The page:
Towards Fully-fledged Archiving for RDF Datasets

Tracking #: 2538-3752

Olivier Pelgrin
Luis Galàrraga
Katja Hose

Responsible editor: 
Guest Editors Web of Data 2020

Submission type: 
Full Paper
The dynamicity of RDF data has motivated the development of solutions for archiving, i.e., the task of storing and querying previous versions of an RDF dataset. Querying the history of a dataset finds applications in data maintenance and analytics. Notwithstanding the value of RDF archiving, the state of the art in this field is under-developed: (i) most existing systems are neither scalable nor easy to use, (ii) there is no standard way to query RDF archives, and (iii) solutions do not exploit the evolution patterns of real RDF data. On these grounds, this paper surveys the existing works in RDF archiving in order to characterize the gap between the state of the art and a fully-fledged solution. It also provides RDFev, a framework to study the dynamicity of RDF data. We use RDFev to study the evolution of YAGO, DBpedia, and Wikidata, three dynamic and prominent datasets on the Semantic Web. These insights set the ground for the sketch of a fully-fledged archiving solution for RDF data.
Full PDF Version: 

Minor Revision

Solicited Reviews:
Click to Expand/Collapse
Review #1
By Andre Valdestilhas submitted on 23/Sep/2020
Review Comment:

The paper addresses all my previous comments appropriately well. Thus, I recommend it's acceptance.

Review #2
By Natanael Arndt submitted on 09/Oct/2020
Minor Revision
Review Comment:

The presented revised version is very nice to read and includes a lot of new details.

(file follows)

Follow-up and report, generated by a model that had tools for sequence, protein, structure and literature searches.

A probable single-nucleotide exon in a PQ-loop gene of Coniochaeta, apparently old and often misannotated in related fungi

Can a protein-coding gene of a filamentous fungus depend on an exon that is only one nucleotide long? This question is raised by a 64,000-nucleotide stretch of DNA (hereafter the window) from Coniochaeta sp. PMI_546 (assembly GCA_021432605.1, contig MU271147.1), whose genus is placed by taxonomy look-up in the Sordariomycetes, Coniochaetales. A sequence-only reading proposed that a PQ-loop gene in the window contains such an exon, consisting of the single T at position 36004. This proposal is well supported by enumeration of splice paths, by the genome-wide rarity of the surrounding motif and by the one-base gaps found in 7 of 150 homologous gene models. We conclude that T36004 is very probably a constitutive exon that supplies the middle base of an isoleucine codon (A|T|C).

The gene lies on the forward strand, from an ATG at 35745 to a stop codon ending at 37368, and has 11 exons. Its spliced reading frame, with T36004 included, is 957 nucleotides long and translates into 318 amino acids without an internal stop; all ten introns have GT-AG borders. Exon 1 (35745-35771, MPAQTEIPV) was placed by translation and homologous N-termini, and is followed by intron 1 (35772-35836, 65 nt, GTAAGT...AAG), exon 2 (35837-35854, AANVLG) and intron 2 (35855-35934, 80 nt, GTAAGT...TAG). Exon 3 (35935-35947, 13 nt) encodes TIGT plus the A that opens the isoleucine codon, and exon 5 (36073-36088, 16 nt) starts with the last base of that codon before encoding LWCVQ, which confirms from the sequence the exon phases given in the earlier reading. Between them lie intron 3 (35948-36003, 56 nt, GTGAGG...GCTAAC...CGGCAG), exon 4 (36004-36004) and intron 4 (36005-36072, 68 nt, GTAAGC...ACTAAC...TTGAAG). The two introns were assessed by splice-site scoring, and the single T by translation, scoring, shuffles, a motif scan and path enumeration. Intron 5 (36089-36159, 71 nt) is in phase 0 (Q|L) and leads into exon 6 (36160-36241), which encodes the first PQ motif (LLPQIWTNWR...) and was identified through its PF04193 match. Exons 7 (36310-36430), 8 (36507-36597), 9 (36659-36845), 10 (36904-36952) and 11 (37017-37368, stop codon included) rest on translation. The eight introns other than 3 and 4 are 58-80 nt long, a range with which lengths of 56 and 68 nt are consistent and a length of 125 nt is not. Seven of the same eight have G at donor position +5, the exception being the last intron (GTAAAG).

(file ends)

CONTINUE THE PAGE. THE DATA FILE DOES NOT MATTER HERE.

The introduction of the basic notation used in the paper in Table 1 is very good and provides a good overview for the reader. To be pedantic, you can introduce triple and quad next to 5-tuple as well ;-)

As stated in my last review I still think you can improve the readability if you put the relevant formulas in section 2 especially 2.2 and 2.3 in separate definition environments.

Regarding Table 4, why does R43ples have no support for Multi-graph? In our eyes it has, as mentioned in my last review. You also state in your text "R43ples can version multiple graphs" (section 5.1.2, p12 l30).

The bibliography looks much better now.
For the Quit Store please use the journal paper as a reference ( instead of the Extended Abstract you are referencing at the moment.

Some pedantic notes:

p13 l20 "(e.g. N-quads files)" -> "(i.e. N-triples files)" (e.g. -> i.e. and we use n-triples).

p18 l42 "R4triples [26]" -> "R43triples [26]"

So there are just very minor changes left.

Review #3
By Pascal Molli submitted on 12/Dec/2020
Minor Revision
Review Comment:

Dear all,

I answered to authors by preceding my answers with a "*". I kept some part of the answers of authors to contextualize my answers.

The edited parts of the paper have been highlighted in blue for ease of review.

* Thanks. It is very convenient for reviewing.

CP1. We have created a website (mentioned in Section 3) with a link to the Git repository of RDFev ( and the experimental datasets. The website is at

* ok.

CP2. [R2] Although these parts are related, it could also be 3 different papers: a study, a survey, and a vision paper [...] Research directions of section 7 remain blurry. There is a gap between spotted issues and conclusions from experiments.
We have revamped Section 7 by (i) giving more concrete examples of what we mean by a fully-fledged RDF archiving solution, by (ii) providing a more fine-grained discussion of the important design aspects of such a solution, and by (iii) framing those aspects in the light of the results presented in Sections 4-6.

* I reviewed the changes and it is clearly better.

CP3. Quit Store. We have added Quit Store to the list of studied systems in our survey in Section 5. We have also tested it according to our experimental setup (see “CP4. Limitations of the testable systems” for more details).